Strategy for Super Bowl Brands as Bloomberg Duels Trump

 Henry C. Boyd III, Clinical Professor in the Marketing Department at the Robert H. Smith School of Business

Aspiring presidential hopeful Michael Bloomberg’s timing is rather canny. On the eve of the 2020 Iowa Caucuses where he doesn’t appear on the ballet, Bloomberg — front of about 100 million Super Bowl halftime viewers — will unveil a political spot reportedly to attack perhaps the most polarizing president in U.S. history – Donald Trump. This decisive act imposes big implications for next-day discussions at the water cooler and over social media platforms.  It also means the specter of presidential politics will now loom large – further fueled by equal time of Trump messaging.  Hence, this classic battle of conservatism versus progressivism threatens to saturate an iconic pop culture milieu to the detriment of the other Super Bowl advertisers.

Pro football, along with these other advertisers, has been poised for a revitalized stage. Fox Sports in November reported that the network has sold out Super Bowl ad spots for the Feb. 2 game, marking the first time for such a bonanza in five years. This further bucked a recent trend of networks like CBS waiting as late as hours before kickoff to fill up commercial breaks.

Fueling the upswing has been this year’s strong economy along with especially-compelling regular season narratives that are helping the NFL make a comeback in a time when traditional and reality TV are struggling to keep up. Consider the nature of the game nowadays, especially the offensive side of it, where rising stars like Baltimore Ravens’ quarterback Lamar Jackson and Kansas City Chiefs’ quarterback Patrick Mahomes have helped to make it thrilling to watch football.

So how should brands position themselves alongside dueling Bloomberg-Trump campaign ads?  First, avoid transparently political messaging used in 2017 spots by 84 Lumber (The Journey Begins) and AirBnB (We accept).  I suspect that most viewers will have been inundated with political rhetoric.  Instead, savvy firms ought to lean towards entertainment-infused commercials.  Second, think in terms of drama-focused advertisements and aim to spark conversation on social media – broadly and especially among non-political junkies. I base this assertion on my doctoral dissertation research at Duke University, where I isolated key elements of drama-related advertising.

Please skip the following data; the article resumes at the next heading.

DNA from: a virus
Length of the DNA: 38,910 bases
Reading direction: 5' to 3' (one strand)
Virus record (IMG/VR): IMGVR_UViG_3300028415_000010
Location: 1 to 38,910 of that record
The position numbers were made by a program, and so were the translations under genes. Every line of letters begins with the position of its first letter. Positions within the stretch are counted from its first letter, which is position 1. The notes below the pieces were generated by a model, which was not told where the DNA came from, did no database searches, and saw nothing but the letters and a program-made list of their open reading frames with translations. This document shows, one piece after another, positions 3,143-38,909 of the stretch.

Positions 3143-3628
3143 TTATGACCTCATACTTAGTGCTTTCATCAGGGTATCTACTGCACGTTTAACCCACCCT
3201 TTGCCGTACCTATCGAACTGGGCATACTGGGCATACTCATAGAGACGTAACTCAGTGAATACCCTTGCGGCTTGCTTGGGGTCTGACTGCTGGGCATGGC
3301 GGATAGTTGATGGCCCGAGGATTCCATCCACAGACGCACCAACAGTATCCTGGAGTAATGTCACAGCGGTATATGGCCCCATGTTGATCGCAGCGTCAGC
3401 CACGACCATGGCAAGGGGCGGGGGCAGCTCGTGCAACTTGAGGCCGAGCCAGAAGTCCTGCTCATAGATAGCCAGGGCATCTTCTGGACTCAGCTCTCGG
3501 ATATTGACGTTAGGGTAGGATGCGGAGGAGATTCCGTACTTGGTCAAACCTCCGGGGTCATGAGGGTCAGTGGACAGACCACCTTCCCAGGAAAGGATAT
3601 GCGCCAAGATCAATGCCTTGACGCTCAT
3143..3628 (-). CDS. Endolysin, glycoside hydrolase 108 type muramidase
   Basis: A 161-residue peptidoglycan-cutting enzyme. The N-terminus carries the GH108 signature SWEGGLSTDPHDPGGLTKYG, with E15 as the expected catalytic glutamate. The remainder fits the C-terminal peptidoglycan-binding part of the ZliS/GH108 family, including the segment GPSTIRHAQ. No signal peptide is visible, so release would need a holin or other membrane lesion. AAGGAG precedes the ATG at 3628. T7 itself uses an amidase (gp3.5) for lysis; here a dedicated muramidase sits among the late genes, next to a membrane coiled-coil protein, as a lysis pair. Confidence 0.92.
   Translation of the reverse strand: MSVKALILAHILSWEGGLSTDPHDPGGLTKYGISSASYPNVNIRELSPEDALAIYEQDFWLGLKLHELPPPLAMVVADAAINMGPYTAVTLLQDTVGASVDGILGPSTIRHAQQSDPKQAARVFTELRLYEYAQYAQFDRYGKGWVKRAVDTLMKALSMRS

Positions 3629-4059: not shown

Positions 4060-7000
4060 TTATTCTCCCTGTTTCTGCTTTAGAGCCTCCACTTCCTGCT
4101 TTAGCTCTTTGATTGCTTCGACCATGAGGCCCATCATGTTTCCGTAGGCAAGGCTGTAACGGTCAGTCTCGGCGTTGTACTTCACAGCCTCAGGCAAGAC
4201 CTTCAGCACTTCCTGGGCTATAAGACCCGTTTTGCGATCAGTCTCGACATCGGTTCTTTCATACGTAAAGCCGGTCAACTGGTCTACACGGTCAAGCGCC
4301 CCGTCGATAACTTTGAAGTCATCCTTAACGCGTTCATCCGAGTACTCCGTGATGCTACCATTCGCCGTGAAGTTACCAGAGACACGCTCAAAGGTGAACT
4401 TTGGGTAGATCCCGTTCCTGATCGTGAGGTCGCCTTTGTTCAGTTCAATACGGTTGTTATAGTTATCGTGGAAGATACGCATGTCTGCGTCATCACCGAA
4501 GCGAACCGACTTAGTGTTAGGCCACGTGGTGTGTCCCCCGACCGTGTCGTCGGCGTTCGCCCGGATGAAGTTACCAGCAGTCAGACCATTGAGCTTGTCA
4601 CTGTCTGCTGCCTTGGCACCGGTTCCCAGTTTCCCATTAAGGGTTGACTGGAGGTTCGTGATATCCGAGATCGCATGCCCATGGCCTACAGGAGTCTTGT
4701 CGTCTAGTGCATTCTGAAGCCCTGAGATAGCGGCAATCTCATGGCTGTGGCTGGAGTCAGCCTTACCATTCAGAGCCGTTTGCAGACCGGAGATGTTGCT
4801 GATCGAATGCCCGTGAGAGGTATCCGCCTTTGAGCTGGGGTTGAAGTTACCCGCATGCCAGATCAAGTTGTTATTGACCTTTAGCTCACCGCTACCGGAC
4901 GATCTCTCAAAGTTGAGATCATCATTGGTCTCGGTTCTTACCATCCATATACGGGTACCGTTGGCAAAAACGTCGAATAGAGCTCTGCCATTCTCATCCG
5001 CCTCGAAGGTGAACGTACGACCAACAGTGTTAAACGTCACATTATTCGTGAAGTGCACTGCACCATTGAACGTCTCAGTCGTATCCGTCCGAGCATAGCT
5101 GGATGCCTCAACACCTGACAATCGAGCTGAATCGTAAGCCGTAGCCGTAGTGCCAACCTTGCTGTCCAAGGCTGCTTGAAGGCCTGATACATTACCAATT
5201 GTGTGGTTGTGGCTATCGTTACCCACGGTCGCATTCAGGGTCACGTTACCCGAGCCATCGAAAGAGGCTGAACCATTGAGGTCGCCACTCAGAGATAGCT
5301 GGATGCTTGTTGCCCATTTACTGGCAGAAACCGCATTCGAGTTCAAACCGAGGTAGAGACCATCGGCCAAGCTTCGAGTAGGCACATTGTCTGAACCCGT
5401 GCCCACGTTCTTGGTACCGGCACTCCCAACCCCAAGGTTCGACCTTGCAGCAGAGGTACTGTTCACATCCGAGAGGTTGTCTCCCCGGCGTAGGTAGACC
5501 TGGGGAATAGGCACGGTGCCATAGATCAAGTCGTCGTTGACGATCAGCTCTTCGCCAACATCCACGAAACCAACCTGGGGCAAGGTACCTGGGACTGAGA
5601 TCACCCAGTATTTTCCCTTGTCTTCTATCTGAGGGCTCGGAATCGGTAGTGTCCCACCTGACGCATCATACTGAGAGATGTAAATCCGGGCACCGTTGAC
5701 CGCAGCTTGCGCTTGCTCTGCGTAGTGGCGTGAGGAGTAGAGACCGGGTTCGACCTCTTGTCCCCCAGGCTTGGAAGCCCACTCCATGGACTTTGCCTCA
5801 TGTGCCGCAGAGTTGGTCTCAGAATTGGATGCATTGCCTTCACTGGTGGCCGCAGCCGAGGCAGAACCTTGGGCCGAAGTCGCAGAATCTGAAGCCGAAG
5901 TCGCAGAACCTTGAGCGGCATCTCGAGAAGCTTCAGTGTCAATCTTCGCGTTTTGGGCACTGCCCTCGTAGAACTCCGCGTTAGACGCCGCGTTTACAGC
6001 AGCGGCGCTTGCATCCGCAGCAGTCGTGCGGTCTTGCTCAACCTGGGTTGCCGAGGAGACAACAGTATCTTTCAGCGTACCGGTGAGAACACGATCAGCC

Super Bowl advertisers should approach their spots as 30-, 45- or minute-long mini plays or dramas. In each instance, the following ad elements need to positively stand out: the actors’ traits, the actors’ interactions, the dialogue, the delivery of the lines and the setting.

From the viewer’s standpoint, you naturally check all those boxes in your mind’s eye when watching a drama.  If all the elements pass muster, the viewer experiences verisimilitude (i.e., a desired end state where the viewer buys into the performance).  That’s a big win for any marketer.  Audi’s 2017 “Daughter” spot exemplifies this – and significantly through delivering a glimpse of the future. This vision – about equal opportunity irrespective of one’s gender – significantly was portrayed in the ad between a father and daughter, making it relatable and subsequently inspiring to a large segment of viewers.

Moreover, for 2020, skip the lecture ads, especially, again, those making political statements, and go with something that draws audiences in and isn’t so explicit about the product. This will prompt viewers to draw and share their own conclusions via social media. Reward outweighs backlash risk when brands aim to inspire via social messaging. And, you have to entertain at a minimum.  Effectively crafting inspirational and entertaining spots is never easy, but it’s paramount for a brand’s continued success.


Henry C. Boyd

About the Author: Henry C. Boyd is a Clinical Professor in the Marketing Department at the Robert H. Smith School of Business. He is also a managing director and principal at Ombudsman LLC, a diversified consultancy. He is licensed to practice law in Maryland, Wisconsin, and the U.S. District Court, Western District of Wisconsin. 

Boyd received his Ph.D. in Marketing from Duke University (with an emphasis in Consumer Behavior) and his J.D. in Intellectual Property from the University of Wisconsin-Madison. At the age of 24, he received his MBA in Marketing from the University of California at Berkeley. Prior to graduate study, he obtained his A.B. in Chemistry (with an emphasis in Biophysics) from Princeton University.

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